There is a photo that makes a statement about science projects and science fairs that often circulates on social media.  It always leaves me feeling a bit frustrated.  I can understand its appeal though — who can’t relate to the frustration as a parent about science projects, especially if it takes up family time at home?  Same with science fairs — plenty of possible issues, frustrations, and competition.  And I understand that the popular photo gets a chuckle and is shared for a chuckle.  But yet the full story behind it doesn’t often get linked with it.  This is an article with the photo of the “project” and the reason and creator behind it.

Also in that article there is an appeal and suggestions for change or alternatives.  That is what I find encouraging to read. I also know there are people working to change approaches to project-based learning, inquiry, science, homework practices, and also science fairs.

In a recent exchange on Twitter regarding that photo and its statements, I had replied that it didn’t have to be that way — it just takes leadership and some adjustments.  I have been fortunate in the past to be involved with such efforts in my local area.  For ten years, my husband and I participated in the planning and organizing of our region’s science fair.  The main reason we signed up for the committee was to help lessen the focus on competing and make it more fun and enjoyable for kids.  Our community was very excited about science and scientific discovery and was going to support and sponsor the science fair whether we were involved or not, so.. we committed to the volunteer role.

It was great to work with a number of other educators and community members with the same interest.  We made changes and added activities to the science fair to make it fun and friendly and not just about winning.  There remains the more competitive aspect, but in our local experience, there were students who were certainly up for the challenges of that and they were doing the work, not their parents.  We hoped that we had been a part of making it a science fair for all who participated.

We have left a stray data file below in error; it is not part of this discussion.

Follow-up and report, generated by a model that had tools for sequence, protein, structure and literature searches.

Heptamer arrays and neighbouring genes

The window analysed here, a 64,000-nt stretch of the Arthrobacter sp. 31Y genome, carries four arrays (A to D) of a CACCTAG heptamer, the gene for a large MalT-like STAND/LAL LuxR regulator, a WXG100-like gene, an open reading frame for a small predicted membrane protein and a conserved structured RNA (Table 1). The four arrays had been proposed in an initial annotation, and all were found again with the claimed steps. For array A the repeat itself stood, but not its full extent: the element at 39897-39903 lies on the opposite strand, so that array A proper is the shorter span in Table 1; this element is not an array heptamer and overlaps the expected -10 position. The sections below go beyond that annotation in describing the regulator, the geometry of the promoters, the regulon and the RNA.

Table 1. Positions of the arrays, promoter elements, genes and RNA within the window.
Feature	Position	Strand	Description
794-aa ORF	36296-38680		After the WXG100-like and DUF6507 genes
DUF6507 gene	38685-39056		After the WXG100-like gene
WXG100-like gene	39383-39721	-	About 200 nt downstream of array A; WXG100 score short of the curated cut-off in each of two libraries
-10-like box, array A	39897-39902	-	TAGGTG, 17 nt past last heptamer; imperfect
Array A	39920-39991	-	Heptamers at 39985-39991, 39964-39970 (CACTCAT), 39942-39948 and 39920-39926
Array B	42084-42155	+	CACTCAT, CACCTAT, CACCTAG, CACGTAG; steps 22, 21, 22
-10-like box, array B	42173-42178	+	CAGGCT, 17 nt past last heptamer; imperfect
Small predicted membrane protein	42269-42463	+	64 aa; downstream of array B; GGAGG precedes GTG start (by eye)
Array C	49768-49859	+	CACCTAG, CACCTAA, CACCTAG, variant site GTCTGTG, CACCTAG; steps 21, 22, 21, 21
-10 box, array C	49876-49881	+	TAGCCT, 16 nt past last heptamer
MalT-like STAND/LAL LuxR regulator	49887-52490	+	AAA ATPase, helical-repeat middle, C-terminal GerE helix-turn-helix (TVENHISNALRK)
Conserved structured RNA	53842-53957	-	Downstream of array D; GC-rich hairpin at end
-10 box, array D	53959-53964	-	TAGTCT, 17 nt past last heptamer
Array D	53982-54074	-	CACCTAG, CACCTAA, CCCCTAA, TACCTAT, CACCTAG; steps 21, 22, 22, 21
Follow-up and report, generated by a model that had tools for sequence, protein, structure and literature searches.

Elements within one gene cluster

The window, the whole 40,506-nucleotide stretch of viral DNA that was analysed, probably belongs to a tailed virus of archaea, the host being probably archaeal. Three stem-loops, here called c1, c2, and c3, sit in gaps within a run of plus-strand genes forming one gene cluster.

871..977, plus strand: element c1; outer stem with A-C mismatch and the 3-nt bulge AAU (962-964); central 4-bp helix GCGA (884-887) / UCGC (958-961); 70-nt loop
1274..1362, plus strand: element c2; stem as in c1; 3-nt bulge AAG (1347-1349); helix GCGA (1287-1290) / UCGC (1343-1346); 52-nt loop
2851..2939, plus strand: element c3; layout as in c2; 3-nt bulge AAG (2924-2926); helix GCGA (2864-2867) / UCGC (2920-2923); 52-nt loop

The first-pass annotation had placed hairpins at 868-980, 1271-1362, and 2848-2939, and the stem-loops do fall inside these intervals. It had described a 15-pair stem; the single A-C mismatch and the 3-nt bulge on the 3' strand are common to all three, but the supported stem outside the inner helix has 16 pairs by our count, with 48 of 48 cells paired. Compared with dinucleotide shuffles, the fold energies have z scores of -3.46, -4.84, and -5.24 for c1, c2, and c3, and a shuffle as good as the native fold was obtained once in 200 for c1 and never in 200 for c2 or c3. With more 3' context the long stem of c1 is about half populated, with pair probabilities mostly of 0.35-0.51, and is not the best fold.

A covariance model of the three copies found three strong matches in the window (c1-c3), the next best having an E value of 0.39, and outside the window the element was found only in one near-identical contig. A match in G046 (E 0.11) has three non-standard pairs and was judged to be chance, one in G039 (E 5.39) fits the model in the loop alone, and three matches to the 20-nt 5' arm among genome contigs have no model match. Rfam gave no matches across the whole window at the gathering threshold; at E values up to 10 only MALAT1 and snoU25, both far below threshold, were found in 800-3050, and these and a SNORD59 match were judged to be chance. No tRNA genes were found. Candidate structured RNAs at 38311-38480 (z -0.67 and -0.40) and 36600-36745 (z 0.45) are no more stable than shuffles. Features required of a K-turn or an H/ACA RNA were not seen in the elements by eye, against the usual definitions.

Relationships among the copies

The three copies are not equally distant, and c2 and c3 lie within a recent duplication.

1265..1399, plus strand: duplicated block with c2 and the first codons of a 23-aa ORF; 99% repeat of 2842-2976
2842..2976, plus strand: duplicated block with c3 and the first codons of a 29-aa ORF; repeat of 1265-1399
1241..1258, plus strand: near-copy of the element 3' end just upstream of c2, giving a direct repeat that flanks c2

I also saw leadership at the school level with integrating science and a project through other subjects and during school time — and not about sending the project home to complete.  Even as parents, we still have a choice as to how much we involve ourselves in that or not.  It is possible for the science project to be a part of math and language activities, instead of another “add-on” in a teacher’s workload.  Again, it can happen with leadership, support, and vision at the school and district level.  Did “everyone hate the science fair”?  I don’t think so.

One can also do an internet search for “non-competitive science fairs”.  A number of resources and ideas can be found.  I found this rationale and this resource in a quick search.

I welcome other stories or resources on this topic.